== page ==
I didn't believe in God or a Higher Power. God didn't answer my prayers. Of course it wasn't until I was sober and in recovery (for a while) that I understood that God wasn't interested in my prayers when I was drinking....

1) GOD, PLEASE extend the sale on Clan McGregror Scotch one more week!!

2) GOD, PLEASE cure this Hangover quickly. GOD, PLEASE don't let me puke AGAIN!!!

Heard a good one the other night at a meeting. Sponsee was telling his Sponser that he was struggling with the Higher Power thing. Sponser takes Sponsee to the window to view a gorgeous sunset. Sponser says to Sponsee "can you do that?"

Humility was another wall I had to climb, my Sponser said the Humility isn't thinking less of myself, it is just thinking of myself less often.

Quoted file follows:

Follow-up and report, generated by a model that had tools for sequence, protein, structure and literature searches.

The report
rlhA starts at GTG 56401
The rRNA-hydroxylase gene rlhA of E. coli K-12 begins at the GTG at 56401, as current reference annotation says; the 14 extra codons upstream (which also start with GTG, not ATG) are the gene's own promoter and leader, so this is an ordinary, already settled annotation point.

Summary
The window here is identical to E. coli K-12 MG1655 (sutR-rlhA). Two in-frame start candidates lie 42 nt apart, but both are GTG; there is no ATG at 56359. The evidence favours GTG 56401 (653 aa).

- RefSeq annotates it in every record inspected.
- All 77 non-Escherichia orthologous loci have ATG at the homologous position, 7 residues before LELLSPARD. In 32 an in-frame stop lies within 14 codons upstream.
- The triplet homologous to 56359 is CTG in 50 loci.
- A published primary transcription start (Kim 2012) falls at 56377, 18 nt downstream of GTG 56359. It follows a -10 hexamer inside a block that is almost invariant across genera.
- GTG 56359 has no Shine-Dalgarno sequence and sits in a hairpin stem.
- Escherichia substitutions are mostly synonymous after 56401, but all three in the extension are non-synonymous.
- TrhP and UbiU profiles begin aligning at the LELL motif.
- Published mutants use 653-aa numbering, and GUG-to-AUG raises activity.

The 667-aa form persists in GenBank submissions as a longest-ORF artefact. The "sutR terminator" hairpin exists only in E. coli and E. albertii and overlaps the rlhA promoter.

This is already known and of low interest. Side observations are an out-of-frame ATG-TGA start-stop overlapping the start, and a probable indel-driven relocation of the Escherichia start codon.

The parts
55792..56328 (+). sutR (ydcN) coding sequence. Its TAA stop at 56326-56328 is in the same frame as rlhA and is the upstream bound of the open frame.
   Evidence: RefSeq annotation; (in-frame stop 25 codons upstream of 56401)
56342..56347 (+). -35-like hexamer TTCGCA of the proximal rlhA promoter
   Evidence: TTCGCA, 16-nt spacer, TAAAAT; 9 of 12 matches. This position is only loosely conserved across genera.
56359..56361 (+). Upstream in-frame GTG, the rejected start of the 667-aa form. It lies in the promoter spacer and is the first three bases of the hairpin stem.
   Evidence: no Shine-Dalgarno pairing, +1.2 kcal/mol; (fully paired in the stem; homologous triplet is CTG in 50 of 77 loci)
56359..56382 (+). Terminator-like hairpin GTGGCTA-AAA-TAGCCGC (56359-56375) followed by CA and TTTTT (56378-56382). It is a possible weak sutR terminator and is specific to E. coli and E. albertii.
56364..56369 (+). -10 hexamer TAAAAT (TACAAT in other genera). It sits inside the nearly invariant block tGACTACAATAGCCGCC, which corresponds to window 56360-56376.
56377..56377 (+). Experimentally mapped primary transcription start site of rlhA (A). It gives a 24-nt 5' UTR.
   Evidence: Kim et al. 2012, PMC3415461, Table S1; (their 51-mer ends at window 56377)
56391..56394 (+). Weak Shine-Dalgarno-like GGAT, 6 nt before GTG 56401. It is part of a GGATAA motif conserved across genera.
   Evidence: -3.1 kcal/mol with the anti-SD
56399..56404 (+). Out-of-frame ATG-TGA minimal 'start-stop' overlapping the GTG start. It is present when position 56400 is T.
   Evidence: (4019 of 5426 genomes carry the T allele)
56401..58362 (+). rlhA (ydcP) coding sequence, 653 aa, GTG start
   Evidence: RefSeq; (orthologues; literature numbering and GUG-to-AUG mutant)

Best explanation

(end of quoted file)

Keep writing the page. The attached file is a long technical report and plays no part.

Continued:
Don't Drink, Keep Coming.

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Postby Bensober » Wed Nov 03, 2010 6:23 am

Thanks Boston Guy for your share. Feel the power and awesomeness of it all. In coming to believe that a power greater than me could restore me to sanity, was a process that was real humbling for me too! I didn’t get it the first time around and eventually fell.

What I know today is that to be sane (the Greek for sanity is “Sanusâ€
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12 Step Alcohol and Drug Addiction Recovery | - Step 2